Hunter: “I kind of view it along the lines of ‘nerd culture.’ You know how nerd culture is more accepted now? Kind of in the mainstream? It’s cool to like superheroes and be into stuff like that. But twenty years ago, if you were in your 20’s and you liked that stuff, you were a fucking dweeb.”
DW: How does that relate?
Hunter: “Well, look at Metallica. When they were younger they all thought, ‘I’m not going to be doing this in my 40’s…we’re a damn metal band.’ But here they are in their 40’s and they’re the most commercialized band of all time. There’s still a stigma along the lines of: you’re 35 and still writing and playing metal music…you must be immature and you haven’t grasped reality. But if you can make a living off it, that’s the most important part. I think the only thing that would make me question this would be if I decided that I wanted to start a family, and music was not cutting it economically.”
DW: And where are you guys economically?
Hunter: “Right now we’re on the cusp of full-time. Meaning that I’m close to not having to work a day-job. We’re never going to be millionaires, but we’re making enough from our tours that we will be able to ask for more, go farther out, stay on the road longer, and be able to pay our bills when we get home.”
Stodghill: “This time of year we go into ‘hibernation mode,’ so we’re going to focus on sales and merchandise. So we will try to push this record as much as we can. And we’ll use this time to find those ‘right’ people we’re looking for…people who should be looking for us.”
Hunter: “We’ve always heard people say that ‘a band is a business.’ And now, more than ever, that’s true for us. We’ve developed a logo. We’ve designed 8-10 different kinds of shirts as well as multiple alubms and EP’s.”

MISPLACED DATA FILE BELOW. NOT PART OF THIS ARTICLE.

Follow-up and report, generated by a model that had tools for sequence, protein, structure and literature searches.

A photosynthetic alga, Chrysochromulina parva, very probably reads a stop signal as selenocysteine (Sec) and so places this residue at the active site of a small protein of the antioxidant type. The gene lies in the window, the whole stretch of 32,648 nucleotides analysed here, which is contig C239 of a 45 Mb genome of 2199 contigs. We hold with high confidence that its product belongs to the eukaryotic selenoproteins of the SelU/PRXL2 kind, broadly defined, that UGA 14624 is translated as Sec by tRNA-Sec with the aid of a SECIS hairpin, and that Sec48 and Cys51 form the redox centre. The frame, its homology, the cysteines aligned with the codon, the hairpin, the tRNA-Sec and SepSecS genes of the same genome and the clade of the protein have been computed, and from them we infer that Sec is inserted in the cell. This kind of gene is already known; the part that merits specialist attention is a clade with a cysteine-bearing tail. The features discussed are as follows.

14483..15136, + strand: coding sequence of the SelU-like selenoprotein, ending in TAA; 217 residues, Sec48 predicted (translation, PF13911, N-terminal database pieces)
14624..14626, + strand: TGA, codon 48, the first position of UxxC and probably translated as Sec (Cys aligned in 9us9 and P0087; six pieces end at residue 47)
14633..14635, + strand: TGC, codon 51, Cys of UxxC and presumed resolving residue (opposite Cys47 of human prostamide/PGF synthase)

DW: [To Vance]: And how does the business of running a band compare to the artistic side of running a band?
Vance: “The business side of the band is the worst thing ever. The cool part is seeing it grow first-hand and meeting lots of new people. I often feel bad because it’s hard to keep everyone in the band in the loop at all times, but I think we have a pretty good system set up as of now. The guys know that they need to speak up if [we’re pursing] something they don’t envision, and they seem to let Aaron and I handle things that they aren’t sure on or don’t know what to say. It seems to work out pretty well. Sometimes it’s a bit bittersweet getting to be so creative and write and record what we feel is a masterpiece to then realize ‘This album, these videos, and these tours don’t mean shit if no one cares.’ Getting people to care is the hardest thing we will ever have to do.”
They are a courageous bunch, pushing the boundaries in a part of the country willing to give a guy with a mandolin a chance to win them over…but not so much the guy wearing greasy rags who screams in the microphone. To what degree delivery outweighs content is always part of the post-concert debate. It has been since theatergoers walked out of Shakepeare’s Globe debating both the structure of the iambic pentameter and the coloration of Richard Burbage’s breeches. This will never change. For their part, the boys who comprise From Cities Above know this. For that reason, they’re more than fine leaving it up to you to take it or leave it. If you leave it…great. Thanks for giving them a listen. Don’t let the door smack you in the ass on the way out. If you take it…groovy. Grab a seat and listen to what’s next. Because we’ve only gotten started.
Wheeler proudly teaches AP Literature and AP Language to some bright and lovably obnoxious kids in a small college town. He also contributes to the craft beer website Indiana on Tap and writes for ISU’s STATE Magazine. He started learning to play guitar last fall, but he remains terrible at it.
Matthew Taylor Morgan shoots many musicians and other subjects in the central Indiana region.